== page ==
Avoiding “Yes, But” Endings (Part 3)

A graphic depicting the words "bait" and "switch"

Image credit: kgtohbu

The last two weeks I’ve posted articles about making “yes, and” vs. “yes, but” decisions (If you missed them you can read them here and here). Today I wanted to share a time that I got fooled into making a “yes, but” decision, and the techniques I use to avoid making such errors now. 

The Setup

25 years ago, in the days before I became a professional speaker, I was running an improv group and trying to build it into something spectacular. Running a small improv group doesn’t pay all that well (shocking, I know!) so I also had a day job.

I was a computer programmer for a Fortune 100 company and I have to say, I loved that job. My boss was great, I worked with good people, and one of my friends from college worked in the same department. Did I mention I really liked computer programming? It probably sounds weird for a creative performer type to say that, but I could code all day and enjoy it. Must be the Indian blood…

One of my friends had joined an IT consulting startup, and they wanted a tech-type person as a project manager so they could keep growing the business. 

My friend knew about my ambitions with my improv group and he thought I would be interested because a) this job would give me more control over my schedule and b) I would earn some equity in the company which could potentially lead to a big payout, which would also be good for my long-term goals.

I talked with him, met with his partners, and I agreed. I was ready to make the jump from a stable situation I liked to something more uncertain, but with the chance for a greater future.

Young Avish Makes a Choice

Then the delays began. First weeks, then months, and all the while I was getting more antsy to begin this new chapter of my life. Finally they were ready to move forward and I met with the partner in charge. When he presented me with the terms of our proposed agreement, I have to say, I was speechless.

And not in that, “oh my, this is amazing!” sort of way. Rather in the “wait, what is going on here?” sort of way.

My compensation was to be based almost entirely on the business I brought in.

“Umm,” I stammered, “I thought I was going to be a project manager?”

He looked at me with a smirk and said, “well, we can’t pay you if we don’t have business coming in, right?”

Hindsight makes it obvious what I should have done. I wasn’t interested in a sales job. Programming and project management were things I liked and was looking forward to doing. Not sales. I should have walked away.

But he convinced me I would be great at it. More importantly, I had been looking forward to this for so long that I had built it up in my head. How could I turn it down now? So I said, “yes.” 

Cue facepalm.

Spoiler alert: it was a dumpster fire. I had no experience bringing in clients. I had no contacts. I had no sales skills, and I didn’t enjoy the work at all. To top it off, their relationship with their one existing client was a disaster so I was taking over a bad situation. My first meeting with that client started with a VP chewing me out for things I had nothing to do with!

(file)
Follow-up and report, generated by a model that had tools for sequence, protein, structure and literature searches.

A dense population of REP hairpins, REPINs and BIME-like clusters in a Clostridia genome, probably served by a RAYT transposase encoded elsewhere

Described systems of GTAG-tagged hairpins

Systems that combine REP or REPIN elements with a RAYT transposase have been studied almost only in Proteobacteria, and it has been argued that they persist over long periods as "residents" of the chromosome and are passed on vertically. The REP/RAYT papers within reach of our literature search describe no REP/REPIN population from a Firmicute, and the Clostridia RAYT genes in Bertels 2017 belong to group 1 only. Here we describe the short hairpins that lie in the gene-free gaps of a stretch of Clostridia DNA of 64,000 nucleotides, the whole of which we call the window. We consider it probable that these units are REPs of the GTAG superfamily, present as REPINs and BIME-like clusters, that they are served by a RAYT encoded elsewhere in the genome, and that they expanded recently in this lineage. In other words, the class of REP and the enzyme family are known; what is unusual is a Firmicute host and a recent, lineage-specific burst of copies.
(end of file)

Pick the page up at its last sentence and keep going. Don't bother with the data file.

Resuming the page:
Needless to say, I quickly moved on to a different company and position.

This is a great example of saying “yes,” but doing it from a “yes, but” place. At the time the decision looked like a big “yes, and,” but it wasn’t. It was a big fat “yes, but.”

It started as a “yes, and.” All the reasons I initially had made sense, and made it a “yes, and” choice. Flexible schedule, work I liked, the chance to help build something, equity, etc.

But the offer wound up being for something entirely different. So my decision came from “yes, but I have been looking forward to this for so long.”

How to Avoid Buying Your Own Hype

Here are a few things I learned from that experience that I now try to keep in mind when making decisions. I don’t always succeed at these, but I try…

  1. Don’t Pre-Sell Yourself - I agreed to the sales job because I had built this new position up in my head. In fact, most of the biggest mistakes and bad decisions in my life happened when I spent too much time thinking about a future outcome. This can be hard to avoid because I have a vivid imagination and like to think about the future, but the more I can apply the improv concept of staying in the present moment, the better my decisions become.
  2. Ask: If a Friend Were in My Situation, What Advice Would I Give Them? This is a great way to get out of the high emotions that lead to “yes, but” decisions. I would have told a friend not to take that job because it was no longer the same job they’d been promised and they were being set up to fail.
  3. Ask: What if Life Started at this Moment? You may have heard of the sunk cost fallacy, where someone is unwilling to move on from something simply because they have already sunk a lot of resources into it. “Resources” in this case included emotional investment. If someone else had come to me that day and offered me a sales job, I would have immediately said “no, thank you.” If I hadn’t gotten so invested in it, I would’ve seen this bait-and-switch for what it was.

Hopefully these techniques can help you too.

Do you know of an even better way to avoid making big mistakes? I'd love to hear about it!

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